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Opinion | Hot buttons worth pressing

Joey Kennedy

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They don’t want you to vote.

Remember that.

And “they” are mostly the Republicans today. Voters scare Republicans just about to death.

I stand corrected: “They” don’t want you to vote unless you vote for them.

But to be fair, when Democrats controlled all the branches of Alabama government, they weren’t too crazy about you voting, either, unless you were voting for them.

“They” usually could get you to vote for them, too. For years, Democrat George Wallace used the race card in vicious ways to scare black voters away and draw equality-challenged whites to the polls. There were no race-baiting tactics too vile for Wallace to use.

It wasn’t simply that Wallace was a racist, though he was. But he knew, after losing to John Patterson in 1958, that he’d been out-N’d by Patterson, and he vowed that would never happen again.

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And it didn’t. Wallace won in 1962 on a strict segregationist platform, and he dominated Alabama politics through the mid-1980s using some form of the same themes.

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Even after race was no longer such a hot-button issue, Democrats still won. The last Democrat elected governor, Don Siegelman, didn’t use race; he used the hot-button lottery.

That may have gotten him elected, but because Siegelman’s lottery proposal was so difficult to understand, and because Republicans and other conservatives used hot-button, non-sequitur religious arguments against it, the lottery was doomed.

“Go to church on Sunday, or the ‘lottery’ will get you!”

Well, something like that.

After Siegelman was defeated by Republican Bob Riley, Alabamians have elected nothing but Republicans to the state’s top office since, and most other statewide offices as well.

Democrats may have used hot-button racial and other issues to get elected, but Republicans perfected the hot-button campaign.

The evils of immigration and undocumented residents.

The traditional marriage “threats” posed by lesbian, gay, and transgender residents.

Democrats are corrupt. Democrats only want higher taxes and more spending. Democrats hate your mother, apple pie, and Chevrolet.

As it turns out, Republicans are the party of corruption in Alabama. Consider just the past few years, when the governor (Robert Bentley), speaker of the House (Mike Hubbard), and Chief Justice of the state (Roy Moore) were removed from their respective offices because of corruption (or, in Moore’s case, twice for not adhering to his oath of office, another form of corruption). Other Republican lawmakers and public officials have been caught up in corruption scandals. Some are in prison right now, though Hubbard, for some reason, remains free.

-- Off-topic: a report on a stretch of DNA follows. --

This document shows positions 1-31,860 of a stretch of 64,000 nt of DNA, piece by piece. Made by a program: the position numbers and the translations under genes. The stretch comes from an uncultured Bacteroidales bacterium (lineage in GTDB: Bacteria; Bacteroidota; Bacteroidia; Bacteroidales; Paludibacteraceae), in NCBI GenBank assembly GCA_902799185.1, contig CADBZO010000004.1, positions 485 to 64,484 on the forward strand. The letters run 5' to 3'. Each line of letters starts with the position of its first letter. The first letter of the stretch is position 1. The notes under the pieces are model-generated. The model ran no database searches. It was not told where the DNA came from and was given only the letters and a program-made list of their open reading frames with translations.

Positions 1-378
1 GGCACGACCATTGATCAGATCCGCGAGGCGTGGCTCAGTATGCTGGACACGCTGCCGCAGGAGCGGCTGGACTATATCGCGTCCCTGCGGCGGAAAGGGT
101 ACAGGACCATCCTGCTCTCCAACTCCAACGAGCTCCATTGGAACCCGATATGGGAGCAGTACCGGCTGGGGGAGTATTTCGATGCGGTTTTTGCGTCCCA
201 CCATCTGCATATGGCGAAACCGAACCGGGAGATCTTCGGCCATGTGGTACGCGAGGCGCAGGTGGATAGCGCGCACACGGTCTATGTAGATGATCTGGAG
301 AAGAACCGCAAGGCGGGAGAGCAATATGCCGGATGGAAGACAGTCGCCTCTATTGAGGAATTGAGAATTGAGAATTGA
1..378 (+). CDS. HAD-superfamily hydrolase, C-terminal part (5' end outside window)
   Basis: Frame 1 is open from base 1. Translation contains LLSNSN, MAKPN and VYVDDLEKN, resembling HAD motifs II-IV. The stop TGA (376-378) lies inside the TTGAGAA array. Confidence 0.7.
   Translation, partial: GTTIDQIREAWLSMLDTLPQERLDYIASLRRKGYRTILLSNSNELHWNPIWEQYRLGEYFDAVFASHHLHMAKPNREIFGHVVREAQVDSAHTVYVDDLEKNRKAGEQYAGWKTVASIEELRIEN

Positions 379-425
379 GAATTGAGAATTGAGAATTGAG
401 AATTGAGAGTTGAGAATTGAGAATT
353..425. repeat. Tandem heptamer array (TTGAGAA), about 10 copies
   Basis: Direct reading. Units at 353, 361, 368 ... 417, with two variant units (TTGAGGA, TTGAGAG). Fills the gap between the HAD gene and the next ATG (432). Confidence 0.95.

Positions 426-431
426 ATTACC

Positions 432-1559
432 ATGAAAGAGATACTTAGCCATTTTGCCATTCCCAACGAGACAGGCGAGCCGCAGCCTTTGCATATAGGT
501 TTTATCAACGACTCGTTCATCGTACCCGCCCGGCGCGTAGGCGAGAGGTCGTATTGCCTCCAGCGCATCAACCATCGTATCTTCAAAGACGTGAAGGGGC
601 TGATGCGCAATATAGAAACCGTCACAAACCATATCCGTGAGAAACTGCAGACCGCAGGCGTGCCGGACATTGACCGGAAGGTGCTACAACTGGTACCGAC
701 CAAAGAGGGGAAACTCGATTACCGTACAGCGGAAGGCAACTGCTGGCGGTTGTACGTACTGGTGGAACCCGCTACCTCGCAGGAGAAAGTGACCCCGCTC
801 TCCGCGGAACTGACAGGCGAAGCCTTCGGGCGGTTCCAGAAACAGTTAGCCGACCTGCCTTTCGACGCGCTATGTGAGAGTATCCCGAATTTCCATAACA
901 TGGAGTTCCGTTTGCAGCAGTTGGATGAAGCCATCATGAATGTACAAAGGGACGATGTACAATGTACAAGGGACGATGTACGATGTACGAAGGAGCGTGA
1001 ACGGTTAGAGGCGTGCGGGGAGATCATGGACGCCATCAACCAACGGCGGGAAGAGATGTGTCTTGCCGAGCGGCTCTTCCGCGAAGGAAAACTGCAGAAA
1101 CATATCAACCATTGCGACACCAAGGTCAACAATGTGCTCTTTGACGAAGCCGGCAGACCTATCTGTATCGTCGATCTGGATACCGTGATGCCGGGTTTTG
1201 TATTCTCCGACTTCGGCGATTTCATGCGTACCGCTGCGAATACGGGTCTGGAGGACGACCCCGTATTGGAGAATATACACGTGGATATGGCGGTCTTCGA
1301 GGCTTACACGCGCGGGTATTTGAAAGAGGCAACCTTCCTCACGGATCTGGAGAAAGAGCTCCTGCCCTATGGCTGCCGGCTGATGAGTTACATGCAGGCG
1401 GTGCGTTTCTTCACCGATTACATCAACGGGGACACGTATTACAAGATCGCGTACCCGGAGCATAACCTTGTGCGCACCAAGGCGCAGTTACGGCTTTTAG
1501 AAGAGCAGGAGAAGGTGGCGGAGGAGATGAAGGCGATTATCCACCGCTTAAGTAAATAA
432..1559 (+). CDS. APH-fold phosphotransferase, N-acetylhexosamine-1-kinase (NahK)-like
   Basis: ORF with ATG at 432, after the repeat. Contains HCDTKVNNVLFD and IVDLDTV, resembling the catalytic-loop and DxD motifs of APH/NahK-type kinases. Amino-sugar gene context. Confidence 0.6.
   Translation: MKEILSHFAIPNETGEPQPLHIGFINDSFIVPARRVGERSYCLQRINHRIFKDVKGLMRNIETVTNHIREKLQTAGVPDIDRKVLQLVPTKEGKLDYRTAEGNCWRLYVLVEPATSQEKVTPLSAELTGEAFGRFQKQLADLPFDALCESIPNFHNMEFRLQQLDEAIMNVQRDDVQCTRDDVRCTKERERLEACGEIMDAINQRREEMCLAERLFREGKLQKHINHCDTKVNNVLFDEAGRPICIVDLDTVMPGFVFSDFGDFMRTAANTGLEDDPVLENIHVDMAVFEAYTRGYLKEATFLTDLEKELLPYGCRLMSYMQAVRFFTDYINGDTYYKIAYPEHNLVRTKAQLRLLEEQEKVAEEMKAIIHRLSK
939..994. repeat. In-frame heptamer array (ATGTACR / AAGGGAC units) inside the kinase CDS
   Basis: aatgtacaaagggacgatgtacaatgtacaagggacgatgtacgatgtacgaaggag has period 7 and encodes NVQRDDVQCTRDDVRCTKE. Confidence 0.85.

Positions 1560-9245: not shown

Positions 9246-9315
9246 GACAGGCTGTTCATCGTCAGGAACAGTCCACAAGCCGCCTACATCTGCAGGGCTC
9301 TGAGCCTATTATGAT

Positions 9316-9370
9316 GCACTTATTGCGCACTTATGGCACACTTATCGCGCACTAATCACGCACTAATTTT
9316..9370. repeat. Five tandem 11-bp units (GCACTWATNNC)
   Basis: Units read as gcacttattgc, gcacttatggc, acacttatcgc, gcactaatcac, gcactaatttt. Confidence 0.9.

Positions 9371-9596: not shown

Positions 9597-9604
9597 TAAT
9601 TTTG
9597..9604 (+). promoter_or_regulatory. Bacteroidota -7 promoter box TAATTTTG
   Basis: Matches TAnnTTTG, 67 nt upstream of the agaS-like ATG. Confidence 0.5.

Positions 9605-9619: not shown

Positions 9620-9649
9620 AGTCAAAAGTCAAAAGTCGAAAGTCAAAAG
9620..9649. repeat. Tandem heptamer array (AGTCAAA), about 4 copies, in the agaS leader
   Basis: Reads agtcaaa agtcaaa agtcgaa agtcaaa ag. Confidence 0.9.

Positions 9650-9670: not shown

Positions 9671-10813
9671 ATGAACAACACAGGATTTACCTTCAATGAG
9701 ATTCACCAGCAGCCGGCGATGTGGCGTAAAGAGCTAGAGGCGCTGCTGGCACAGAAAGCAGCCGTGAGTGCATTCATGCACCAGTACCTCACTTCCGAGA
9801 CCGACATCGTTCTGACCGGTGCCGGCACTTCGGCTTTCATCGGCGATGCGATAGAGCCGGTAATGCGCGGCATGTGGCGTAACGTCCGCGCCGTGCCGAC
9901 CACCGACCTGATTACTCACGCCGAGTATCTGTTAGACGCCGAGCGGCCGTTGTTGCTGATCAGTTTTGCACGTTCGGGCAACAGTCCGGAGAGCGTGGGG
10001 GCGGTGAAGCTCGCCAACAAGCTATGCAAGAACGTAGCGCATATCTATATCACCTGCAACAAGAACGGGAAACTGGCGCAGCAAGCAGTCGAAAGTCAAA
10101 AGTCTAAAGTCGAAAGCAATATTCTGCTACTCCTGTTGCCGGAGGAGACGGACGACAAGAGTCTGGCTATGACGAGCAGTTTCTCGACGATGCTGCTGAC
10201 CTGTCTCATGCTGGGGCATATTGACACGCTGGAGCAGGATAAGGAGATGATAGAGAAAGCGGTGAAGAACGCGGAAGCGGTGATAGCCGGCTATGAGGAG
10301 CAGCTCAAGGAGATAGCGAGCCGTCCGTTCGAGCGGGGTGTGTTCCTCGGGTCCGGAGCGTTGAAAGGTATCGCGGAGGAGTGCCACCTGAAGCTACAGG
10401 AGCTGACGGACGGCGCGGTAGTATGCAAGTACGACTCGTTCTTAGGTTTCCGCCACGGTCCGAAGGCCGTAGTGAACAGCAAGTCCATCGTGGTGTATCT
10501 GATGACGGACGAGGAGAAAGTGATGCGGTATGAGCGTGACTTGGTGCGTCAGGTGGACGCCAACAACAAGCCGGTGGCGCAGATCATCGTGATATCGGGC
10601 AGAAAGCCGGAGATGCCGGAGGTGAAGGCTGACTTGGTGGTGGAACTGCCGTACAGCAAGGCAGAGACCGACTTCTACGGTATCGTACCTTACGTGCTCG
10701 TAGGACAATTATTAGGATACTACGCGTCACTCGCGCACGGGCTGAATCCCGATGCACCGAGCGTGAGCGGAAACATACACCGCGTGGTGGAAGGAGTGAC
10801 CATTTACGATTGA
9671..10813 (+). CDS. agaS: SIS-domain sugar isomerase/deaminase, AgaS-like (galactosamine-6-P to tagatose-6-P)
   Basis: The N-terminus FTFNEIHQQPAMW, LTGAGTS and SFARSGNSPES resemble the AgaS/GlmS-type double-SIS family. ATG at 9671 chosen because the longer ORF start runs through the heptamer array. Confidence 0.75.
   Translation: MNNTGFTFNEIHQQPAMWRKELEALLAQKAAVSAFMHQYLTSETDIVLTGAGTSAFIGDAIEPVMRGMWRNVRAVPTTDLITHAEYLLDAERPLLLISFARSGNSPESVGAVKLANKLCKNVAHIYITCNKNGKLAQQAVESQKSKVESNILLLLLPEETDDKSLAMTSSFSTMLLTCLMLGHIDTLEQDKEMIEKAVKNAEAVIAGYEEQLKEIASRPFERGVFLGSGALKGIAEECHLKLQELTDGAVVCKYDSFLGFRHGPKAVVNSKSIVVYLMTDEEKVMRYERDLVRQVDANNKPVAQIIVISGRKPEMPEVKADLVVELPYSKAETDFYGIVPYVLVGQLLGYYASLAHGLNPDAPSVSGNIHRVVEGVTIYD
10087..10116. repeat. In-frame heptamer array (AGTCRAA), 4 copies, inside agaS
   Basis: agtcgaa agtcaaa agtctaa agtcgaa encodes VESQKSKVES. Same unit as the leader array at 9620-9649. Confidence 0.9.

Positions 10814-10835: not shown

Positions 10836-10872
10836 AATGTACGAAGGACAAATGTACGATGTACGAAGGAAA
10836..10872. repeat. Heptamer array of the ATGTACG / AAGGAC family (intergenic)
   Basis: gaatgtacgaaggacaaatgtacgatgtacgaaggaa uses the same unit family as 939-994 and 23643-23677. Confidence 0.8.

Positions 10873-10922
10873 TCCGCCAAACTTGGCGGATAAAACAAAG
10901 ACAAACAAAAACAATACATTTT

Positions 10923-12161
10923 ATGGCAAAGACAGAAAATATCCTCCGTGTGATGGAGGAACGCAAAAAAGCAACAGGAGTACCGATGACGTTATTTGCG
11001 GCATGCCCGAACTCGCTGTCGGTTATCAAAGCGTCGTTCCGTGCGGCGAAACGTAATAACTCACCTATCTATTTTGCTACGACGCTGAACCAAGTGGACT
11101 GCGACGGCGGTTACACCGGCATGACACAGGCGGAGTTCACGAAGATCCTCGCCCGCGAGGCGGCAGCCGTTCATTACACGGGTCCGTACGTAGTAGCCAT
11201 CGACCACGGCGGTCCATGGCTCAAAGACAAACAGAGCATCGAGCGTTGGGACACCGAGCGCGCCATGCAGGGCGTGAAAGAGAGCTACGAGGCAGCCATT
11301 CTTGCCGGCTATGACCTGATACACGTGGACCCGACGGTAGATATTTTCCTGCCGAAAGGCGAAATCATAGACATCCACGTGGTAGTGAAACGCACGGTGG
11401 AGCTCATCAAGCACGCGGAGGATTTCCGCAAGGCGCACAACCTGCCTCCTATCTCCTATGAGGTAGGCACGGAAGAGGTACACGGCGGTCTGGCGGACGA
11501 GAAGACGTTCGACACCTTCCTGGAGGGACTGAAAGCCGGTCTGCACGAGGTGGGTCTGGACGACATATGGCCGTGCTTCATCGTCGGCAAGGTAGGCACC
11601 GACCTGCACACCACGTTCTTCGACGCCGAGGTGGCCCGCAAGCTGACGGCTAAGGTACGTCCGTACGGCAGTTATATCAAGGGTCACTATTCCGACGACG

Too, Republicans figured out a way to keep the people who won’t vote for them from voting at all.

Alabama has some of the most restrictive ballot-access laws in the nation. Both Democrats and Republicans share the blame, but Republicans, with a supermajority in both the House and Senate, could have opened the ballot more.

They refused. The more candidates on the ballot, the more choices voters have. Can’t have voters having choices; can’t have different ideas floating around out there.

The more people out there who vote, the less chance Republicans have of winning. So they passed draconian voter ID laws. That locks out or scares away many voters who would likely vote for Democrats or a third party. Qualified voters who don’t have photo IDs are more likely to be poor and minority, generally voters who elect Democrats or who certainly don’t vote for Republicans.

Republicans gerrymandered the state to such an extent, their districts are usually considered safe. They even gerrymandered moderate, thinking Republicans out of their own districts so those reasonable officeholders couldn’t win against the far more conservative Republicans.

Republicans now have weakened the state’s ethics laws so much, their favorite kind of corruption – using their offices for public gain – is practically legal.

It’s a mess, to be sure.

That’s why this year is so important. With the December win of Democratic U.S. Sen. Doug Jones over Republican Molester Roy Moore, Democrats and independents are charged up.

There actually are more Democrats running for office this year than Republicans. Many are women. Many are African-American women. The governor’s race this year not only features Republicans challenging the incumbent, but Democrats elbowing their way in.

True, many of the Republicans running for office are the incumbents. But Democrats and independents are fired up.

And with Millennials and post-Millennials becoming qualified to vote, and with a renewed interest in activism because of the #MeToo movement, the #BlackLivesMatter movement, the #NeverAgain gun restriction movement, the #DACAnow immigration movement, and the radical shift in public opinion surrounding LGBTQ issues, it very well may be a new day.

Yes, even in Alabama.

Imagine our hot buttons turning out to be a real push for reasonable gun control. Or “Equality for All,” that would make the lives of immigrants and the gay community and women and, yes, sadly, still, African-Americans feel truly included.

Imagine hot buttons that truly matter.

Those are the hot buttons we can press with pride. If we will.

Joey Kennedy, a Pulitzer Prize winner, writes a column each week for Alabama Political Reporter. Email: [email protected]

 

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